I also use glass containers in my bathrooms. You'll find apothecary jars filled with cotton balls, decanters holding mouthwash and compotes with daily grooming items like Q-tips or soap.

• Pitchers and glasses make tabletops more picturesque

When my way-too-expansive collection of glassware is not in use for entertaining, I like to use it for daily decorating. I used a collection of glasses to hold the flatware Dan and I use for quick meals in our kitchen. The silverware goes straight from the dishwasher to this pretty trio of glasses, where it looks beautiful as it waits to be used.

I'm of the school of thought that dishware is artwork, so when we renovated our kitchen, I dedicated one wall of this small space to a bank of glass-front cabinets. I fill them with an assortment of glasses and dishes, arranged simply but beautifully so I can drink in their sparkling grace as I zoom through the kitchen on my way to work.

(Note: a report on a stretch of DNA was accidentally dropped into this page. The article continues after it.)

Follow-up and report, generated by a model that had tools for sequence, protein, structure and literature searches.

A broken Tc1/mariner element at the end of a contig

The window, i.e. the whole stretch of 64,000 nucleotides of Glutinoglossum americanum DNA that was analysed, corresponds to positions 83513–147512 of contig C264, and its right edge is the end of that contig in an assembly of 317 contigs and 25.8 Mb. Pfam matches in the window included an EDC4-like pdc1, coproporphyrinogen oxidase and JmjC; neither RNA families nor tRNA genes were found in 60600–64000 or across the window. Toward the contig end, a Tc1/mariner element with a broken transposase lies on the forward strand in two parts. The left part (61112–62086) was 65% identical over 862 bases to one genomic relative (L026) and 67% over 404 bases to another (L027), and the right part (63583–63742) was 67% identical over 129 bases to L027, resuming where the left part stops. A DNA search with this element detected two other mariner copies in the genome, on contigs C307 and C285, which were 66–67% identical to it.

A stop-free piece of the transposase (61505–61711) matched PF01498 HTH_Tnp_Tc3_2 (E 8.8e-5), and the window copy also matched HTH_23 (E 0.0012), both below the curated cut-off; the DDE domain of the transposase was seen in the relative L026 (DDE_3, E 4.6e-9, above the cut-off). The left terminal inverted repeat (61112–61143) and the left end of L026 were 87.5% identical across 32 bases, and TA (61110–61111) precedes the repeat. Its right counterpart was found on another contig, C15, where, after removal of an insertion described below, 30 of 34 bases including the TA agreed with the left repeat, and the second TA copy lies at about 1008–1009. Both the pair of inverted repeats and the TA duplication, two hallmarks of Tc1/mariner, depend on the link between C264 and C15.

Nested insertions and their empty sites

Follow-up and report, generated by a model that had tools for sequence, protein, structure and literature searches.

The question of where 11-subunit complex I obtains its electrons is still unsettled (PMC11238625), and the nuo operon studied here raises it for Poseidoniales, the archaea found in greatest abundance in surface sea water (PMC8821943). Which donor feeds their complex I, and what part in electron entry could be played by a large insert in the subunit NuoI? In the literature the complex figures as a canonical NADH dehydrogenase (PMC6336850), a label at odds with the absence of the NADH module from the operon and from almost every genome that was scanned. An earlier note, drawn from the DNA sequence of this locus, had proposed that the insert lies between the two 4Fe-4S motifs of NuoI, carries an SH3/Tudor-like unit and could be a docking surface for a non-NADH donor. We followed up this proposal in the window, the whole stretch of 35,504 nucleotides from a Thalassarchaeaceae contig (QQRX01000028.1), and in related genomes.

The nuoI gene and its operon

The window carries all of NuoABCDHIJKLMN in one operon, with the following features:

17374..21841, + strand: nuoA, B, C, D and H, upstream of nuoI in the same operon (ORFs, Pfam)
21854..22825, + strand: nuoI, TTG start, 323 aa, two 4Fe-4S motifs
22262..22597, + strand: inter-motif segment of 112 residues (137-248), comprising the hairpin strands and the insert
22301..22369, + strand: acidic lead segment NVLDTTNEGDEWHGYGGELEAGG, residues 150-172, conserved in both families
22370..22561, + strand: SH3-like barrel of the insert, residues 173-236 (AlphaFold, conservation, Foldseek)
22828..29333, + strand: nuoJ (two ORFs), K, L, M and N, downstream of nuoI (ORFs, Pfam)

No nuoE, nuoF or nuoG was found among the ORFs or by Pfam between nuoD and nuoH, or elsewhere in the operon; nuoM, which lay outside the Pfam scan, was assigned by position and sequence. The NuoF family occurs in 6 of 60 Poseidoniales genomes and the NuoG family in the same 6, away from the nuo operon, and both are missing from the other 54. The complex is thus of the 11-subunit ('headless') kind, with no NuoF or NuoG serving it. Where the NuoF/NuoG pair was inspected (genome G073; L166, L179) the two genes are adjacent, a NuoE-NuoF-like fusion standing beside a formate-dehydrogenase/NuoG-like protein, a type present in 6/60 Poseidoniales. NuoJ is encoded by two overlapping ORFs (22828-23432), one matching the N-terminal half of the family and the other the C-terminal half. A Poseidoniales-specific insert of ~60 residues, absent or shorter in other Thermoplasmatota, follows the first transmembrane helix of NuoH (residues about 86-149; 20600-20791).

Do you have a way to put your glassware and glass serving pieces out for public view when they are not in use? Try working them into displays in your home, like holding a snippet of garden flowers on your mantel or votive candles on your kitchen windowsill, or standing by the bedside in your bedroom to quench a midnight thirst.

Glass decanters are so glamorous, aren't they? Dress up a coffee table or side table with a tray holding a crystal decanter and two regal glasses. Even if you never intend to use them for drinks, they look amazing.

• Glass accents add to everyday decor